A: With a guy who follows directions as closely as your boyfriend, you must be a little disappointed that, when he asked what you find romantic, you didn’t toss off, “Oh, a man who builds a 500-foot obelisk to my beauty.” (“Honey, your obelisk is ready!”) You’re irritated that he didn’t work harder; he just went, “Great, now I have my list.” But, he wasn’t the only uncreative one. You didn’t bother unlocking the old imagination cabinet. You rattled off details, down to the brand of incense, as if they were random enjoyments that came to mind, not the foreplay report from your last relationship. And come on, what did you expect, the guy to ask, “Hey, baby, tell me what you find romantic,” and then say, “Cool! I’ll do something else!”?
Maybe he reconstituted what you told him because he isn’t very creative or maybe because he’s a guy. Men are often a little unsure of themselves in the romance-crafting department. It just isn’t the lifelong pursuit for them that it is for so many women, like the woman on an author panel I moderated who opened her book with the line “I was born to be a bride.” Books about men’s lives tend to start more like “We were somewhere around Barstow on the edge of the desert when the drugs began to take hold” or “I am a sick man. ... I am a spiteful man. I am an unattractive man. I believe my liver is diseased.”
Let’s be honest: How many combos are there for romantic dinners? Should he have changed wine and cheese to wine and little canned wieners? Instead of incense, should he have seen if Raid had come out with a bug spray called “That Special Evening”? Be grateful for what you have — a boyfriend who wants to please you. To help him succeed, tell him that what you really find romantic are surprises, and then suggest doing as my friend and her girlfriend do: Take turns planning and surprising each other on date night. The non-planning partner need only show up at the appointed time and follow any prearranged directions, like “wear a parachute” or “bring a sharpened machete.”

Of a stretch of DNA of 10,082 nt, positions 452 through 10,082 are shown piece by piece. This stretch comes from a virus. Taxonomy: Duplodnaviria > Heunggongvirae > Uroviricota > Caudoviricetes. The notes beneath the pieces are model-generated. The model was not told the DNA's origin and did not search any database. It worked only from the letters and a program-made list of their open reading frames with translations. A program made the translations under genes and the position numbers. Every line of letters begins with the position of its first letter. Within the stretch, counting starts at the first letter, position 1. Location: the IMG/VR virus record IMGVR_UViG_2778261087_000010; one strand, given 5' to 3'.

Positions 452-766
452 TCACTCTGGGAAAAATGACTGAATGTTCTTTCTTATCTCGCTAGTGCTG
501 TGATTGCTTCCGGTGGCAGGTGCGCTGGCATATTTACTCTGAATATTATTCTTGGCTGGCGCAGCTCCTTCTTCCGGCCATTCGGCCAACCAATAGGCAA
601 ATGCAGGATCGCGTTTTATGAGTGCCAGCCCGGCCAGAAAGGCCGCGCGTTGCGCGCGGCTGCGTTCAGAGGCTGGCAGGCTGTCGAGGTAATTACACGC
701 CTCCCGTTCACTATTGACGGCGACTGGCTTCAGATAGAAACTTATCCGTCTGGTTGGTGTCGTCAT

Should you find yourself a little more surprised than you were hoping for (“Wow…a puppet theater to act out our relationship issues!”), see that you don’t squelch his newfound romantic creativity. Heavily praise what you’d like more of, and be prepared to put on your game face for anything short of a picnic dinner of chocolate-covered crickets and toasts to your love with rainwater from the Japanese reactor.
Q: How do I find a nice guy? I’m 26, educated and attractive, and I can spell. I’m a figure skater, so most of the guys I interact with are under 18 or gay. I’m really not into the bar scene, either. —Circling The Rink
A: You say you’re looking for a “nice guy,” then you narrow that down: He can’t be gay, 16, or wearing more Lycra, sequins, and tassels than you are. When I emailed you to further narrow what you’re seeking, you said, “I don’t know exactly…nice, intelligent, educated…not a jerk/ boor.” Well, that winnows it. Shockingly, you aren’t looking for a guy who’s evil, uneducated, unethical, and crass.
Refining what you want beyond generic good qualities takes getting a good sense of who you are and what you value. But, if you’re like a lot of women, you’ll also need to date the wrong guys to pare down who’s right for you. This requires leaving the ice rink. Go places. Throw parties. Smile, flirt, be friendly. Maybe even in bars. No, you don’t have to join “the bar scene.” Just stop by for happy hour and flirt with some guy who’s having a beer with his business partner. He may not be “nice, intelligent, educated,” but when he stands up, odds are 26,879,000,000-to-1 that you’ll find he’s wearing businessman pants, not electric-blue shimmery tights with fishnet side panels.
Advice Goddess Copyright 2011 Amy Alkon, all rights reserved.